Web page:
Several hundred well-wishers celebrated the mindful life of R. R. “Pete” Reid ’49 last Saturday. Four Whitman presidents joined the survivors of Reid’s large immediate family, including his wife, Hedda Jorgenson Reid '49, and sons James ’73, Thomas ’80, Daniel and William; along with Whitman faculty, administration, staff, students and alumni; plus community members in paying tribute to the consummate family man and Whitman loyalist. Reid died of complications from cancer on April 9 at age 93.
“It’s wonderful to see how many lives have been touched by this extraordinary man,” said Whitman President Kathleen Murray in the welcoming remarks about the longest-serving Whitman employee in college history. Throughout his Whitman career, from 1949 to 2009, and even afterward, “he seemed to keep a finger on the pulse of the college,” she said to the assembly in Cordiner Hall, and visited regularly.
Reid, an economics and business major, began working at Whitman in the offices of career services and admission upon graduation in 1949 and soon became assistant business manager and then business manager. His other titles included treasurer and chief financial officer from 1966 to 1990 and, upon initial retirement in 1990, special assistant to the president, overseeing Whitman’s 15 farms, among other duties, until his definitive retirement in 2009. He cherished an endearing and enduring nickname, “Mr. Whitman,” explained son Bill in his reflections.
Many Whitman honors came Pete Reid’s way, and some were alluded to at the tribute. Reid received the annual Town-Gown Award for advancing the college's ties to the area in 1975. Whitman renamed it the Pete and Hedda Reid Service Award with his permanent retirement in 2009. At his initial retirement in 1990, more than 200 gifts from classmates, family and friends established the Pete and Hedda Reid Scholarship endowment. There's also a Pete Reid Award for Young Alumni. His name adorns the campus center, completed in 2001. In 2016, Reid garnered the Alumni Association's highest honor, the Alumnus of Merit Award.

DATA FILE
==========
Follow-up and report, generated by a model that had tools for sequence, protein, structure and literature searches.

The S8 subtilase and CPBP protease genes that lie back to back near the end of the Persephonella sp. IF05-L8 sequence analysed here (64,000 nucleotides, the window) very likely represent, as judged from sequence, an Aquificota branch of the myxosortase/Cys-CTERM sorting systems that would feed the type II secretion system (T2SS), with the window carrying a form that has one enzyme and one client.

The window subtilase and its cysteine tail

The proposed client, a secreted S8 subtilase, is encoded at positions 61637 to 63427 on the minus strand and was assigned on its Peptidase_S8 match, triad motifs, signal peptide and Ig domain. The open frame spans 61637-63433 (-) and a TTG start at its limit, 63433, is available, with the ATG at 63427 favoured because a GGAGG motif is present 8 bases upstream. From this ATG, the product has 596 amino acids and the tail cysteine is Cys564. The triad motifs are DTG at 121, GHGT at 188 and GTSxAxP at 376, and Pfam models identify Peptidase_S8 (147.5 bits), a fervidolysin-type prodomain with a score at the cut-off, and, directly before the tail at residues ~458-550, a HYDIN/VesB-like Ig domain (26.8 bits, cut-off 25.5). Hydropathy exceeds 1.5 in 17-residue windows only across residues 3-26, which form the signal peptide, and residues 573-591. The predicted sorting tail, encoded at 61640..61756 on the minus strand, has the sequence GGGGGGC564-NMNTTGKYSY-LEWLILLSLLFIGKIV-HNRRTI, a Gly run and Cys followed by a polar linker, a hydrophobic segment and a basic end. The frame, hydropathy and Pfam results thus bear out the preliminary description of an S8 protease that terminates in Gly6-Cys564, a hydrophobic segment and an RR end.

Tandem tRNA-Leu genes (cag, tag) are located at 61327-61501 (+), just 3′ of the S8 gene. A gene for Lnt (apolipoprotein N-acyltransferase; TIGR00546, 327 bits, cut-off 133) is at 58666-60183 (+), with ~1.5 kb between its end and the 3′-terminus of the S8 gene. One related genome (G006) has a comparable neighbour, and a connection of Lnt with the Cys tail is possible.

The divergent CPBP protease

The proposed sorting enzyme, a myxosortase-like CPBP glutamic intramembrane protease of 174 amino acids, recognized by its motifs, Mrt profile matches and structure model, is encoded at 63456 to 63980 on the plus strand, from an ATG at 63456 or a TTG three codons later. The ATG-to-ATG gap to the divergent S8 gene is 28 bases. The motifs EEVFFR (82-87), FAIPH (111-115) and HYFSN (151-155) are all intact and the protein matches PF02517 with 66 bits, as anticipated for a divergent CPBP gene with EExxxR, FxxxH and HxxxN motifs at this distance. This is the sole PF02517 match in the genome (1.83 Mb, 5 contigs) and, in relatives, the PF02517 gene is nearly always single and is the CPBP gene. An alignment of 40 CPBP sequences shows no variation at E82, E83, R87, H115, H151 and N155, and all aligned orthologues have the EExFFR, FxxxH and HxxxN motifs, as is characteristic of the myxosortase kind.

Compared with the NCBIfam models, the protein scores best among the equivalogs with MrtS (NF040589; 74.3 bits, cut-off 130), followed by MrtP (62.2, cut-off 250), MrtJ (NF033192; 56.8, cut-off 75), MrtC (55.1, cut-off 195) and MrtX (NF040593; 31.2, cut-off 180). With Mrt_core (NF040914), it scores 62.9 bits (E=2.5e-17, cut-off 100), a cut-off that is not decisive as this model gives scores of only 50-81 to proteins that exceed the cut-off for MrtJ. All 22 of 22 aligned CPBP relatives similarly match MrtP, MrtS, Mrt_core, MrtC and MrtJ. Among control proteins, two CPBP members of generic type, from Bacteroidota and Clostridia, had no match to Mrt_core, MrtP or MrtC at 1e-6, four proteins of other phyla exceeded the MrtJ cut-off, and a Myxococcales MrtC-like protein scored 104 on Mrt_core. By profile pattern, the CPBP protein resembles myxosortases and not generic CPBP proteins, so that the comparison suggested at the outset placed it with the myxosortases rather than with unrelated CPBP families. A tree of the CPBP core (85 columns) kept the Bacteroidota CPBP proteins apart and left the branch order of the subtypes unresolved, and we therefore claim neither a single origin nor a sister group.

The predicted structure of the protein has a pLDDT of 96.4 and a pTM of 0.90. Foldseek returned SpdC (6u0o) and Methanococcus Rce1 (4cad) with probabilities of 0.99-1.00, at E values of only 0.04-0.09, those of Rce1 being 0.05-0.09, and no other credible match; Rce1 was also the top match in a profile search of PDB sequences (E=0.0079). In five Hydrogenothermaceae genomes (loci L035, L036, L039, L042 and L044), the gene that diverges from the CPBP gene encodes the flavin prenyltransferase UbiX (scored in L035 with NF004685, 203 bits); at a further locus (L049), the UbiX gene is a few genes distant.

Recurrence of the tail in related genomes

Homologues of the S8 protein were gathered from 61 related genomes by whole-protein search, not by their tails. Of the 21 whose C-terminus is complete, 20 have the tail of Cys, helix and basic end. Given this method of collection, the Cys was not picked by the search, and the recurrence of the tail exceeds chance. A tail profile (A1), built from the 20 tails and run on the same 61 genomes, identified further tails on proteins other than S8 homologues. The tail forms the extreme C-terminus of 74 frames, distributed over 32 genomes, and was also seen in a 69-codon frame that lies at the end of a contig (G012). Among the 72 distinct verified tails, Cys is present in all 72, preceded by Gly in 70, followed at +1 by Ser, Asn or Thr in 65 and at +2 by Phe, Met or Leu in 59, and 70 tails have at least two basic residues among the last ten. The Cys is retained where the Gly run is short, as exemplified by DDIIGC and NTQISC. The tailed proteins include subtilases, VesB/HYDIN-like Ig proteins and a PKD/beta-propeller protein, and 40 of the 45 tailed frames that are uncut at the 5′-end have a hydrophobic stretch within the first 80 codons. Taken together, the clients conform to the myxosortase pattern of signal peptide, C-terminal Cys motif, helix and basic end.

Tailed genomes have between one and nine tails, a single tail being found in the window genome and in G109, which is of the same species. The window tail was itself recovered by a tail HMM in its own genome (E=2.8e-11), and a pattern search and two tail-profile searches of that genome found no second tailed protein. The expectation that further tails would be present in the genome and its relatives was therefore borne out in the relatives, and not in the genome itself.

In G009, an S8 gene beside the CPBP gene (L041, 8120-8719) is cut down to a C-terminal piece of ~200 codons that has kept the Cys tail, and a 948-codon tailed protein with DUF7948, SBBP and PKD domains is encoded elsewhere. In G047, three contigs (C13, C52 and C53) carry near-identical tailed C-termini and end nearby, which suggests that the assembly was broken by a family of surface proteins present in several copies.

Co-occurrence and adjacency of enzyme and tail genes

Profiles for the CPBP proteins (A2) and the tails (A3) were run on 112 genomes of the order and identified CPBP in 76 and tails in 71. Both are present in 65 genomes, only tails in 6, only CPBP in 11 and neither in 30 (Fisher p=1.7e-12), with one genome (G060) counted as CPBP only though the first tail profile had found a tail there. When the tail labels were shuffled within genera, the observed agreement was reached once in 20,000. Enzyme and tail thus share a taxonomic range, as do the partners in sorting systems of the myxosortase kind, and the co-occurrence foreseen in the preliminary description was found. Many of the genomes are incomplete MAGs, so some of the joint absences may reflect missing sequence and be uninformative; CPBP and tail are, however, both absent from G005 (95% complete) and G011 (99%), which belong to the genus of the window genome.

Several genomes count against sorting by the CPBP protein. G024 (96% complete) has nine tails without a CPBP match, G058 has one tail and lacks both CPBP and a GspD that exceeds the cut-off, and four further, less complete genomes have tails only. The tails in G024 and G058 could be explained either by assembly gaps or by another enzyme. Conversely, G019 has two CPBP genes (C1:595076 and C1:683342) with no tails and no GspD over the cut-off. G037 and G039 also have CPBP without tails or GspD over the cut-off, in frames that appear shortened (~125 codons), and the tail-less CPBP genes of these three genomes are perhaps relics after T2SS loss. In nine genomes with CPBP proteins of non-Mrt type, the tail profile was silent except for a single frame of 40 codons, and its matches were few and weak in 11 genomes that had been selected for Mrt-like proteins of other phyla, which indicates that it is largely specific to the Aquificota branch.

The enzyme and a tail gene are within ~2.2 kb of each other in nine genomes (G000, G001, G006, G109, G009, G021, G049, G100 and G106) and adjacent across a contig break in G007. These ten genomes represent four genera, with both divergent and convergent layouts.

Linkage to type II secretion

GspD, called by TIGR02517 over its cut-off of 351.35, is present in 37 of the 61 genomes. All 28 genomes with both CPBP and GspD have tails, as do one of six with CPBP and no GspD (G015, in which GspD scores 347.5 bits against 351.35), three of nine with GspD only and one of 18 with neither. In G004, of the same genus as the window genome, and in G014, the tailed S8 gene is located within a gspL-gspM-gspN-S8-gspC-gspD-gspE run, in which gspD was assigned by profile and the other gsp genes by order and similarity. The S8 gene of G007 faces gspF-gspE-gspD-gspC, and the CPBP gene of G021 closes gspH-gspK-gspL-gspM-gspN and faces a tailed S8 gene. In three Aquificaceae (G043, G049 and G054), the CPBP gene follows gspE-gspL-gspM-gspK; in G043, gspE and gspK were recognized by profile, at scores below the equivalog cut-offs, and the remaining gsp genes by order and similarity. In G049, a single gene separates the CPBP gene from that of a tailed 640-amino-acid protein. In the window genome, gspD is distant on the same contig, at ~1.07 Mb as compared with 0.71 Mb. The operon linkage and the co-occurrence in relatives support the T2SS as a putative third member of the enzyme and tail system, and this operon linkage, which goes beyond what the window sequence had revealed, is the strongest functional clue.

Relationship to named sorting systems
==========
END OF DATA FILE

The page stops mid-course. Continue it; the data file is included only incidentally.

Reid also gave back to the city. He served on the local boards of United Way, American Red Cross, Sherwood Trust, and banks, hospitals and city committees. Reid supported his church, the Boy Scouts, Friends of Children of Walla Walla, Rotary Club and YMCA. In 1984, the Chamber of Commerce presented him with its Award of Merit. In 2015, the city of Walla Walla declared a Pete Reid Day.
Son Bill stressed the legacy of the father and husband through examples that alternated from affecting to humorous. A “welcoming demeanor” allowed Reid to engage in conversation with anyone and everyone; that being said, Reid relished chatting to such a degree that he refrained from the art of the “timely exit.” And, “No,” his offspring further joked, “he didn’t use Grecian Formula in his eyebrows,” a line that also drew laughter since the bushy trademarks remained untouched by gray until death.
The patriarch made a point of eating dinner with his family—at “6:30 sharp”—and insisted on table talk. Meals, especially dinner, served as “the ultimate family time.” The Reids threw popular champagne Christmas parties and dad’s poker games at the dining room table were among the few times that mom permitted junk food in the house, son Bill remembered. Reid also organized yearly reunions at the beach when grandchildren came along. An avid outdoorsman, Reid sipped scotch with a dash of icy stream water when backpacking with his kin, and he skied with them until age 84.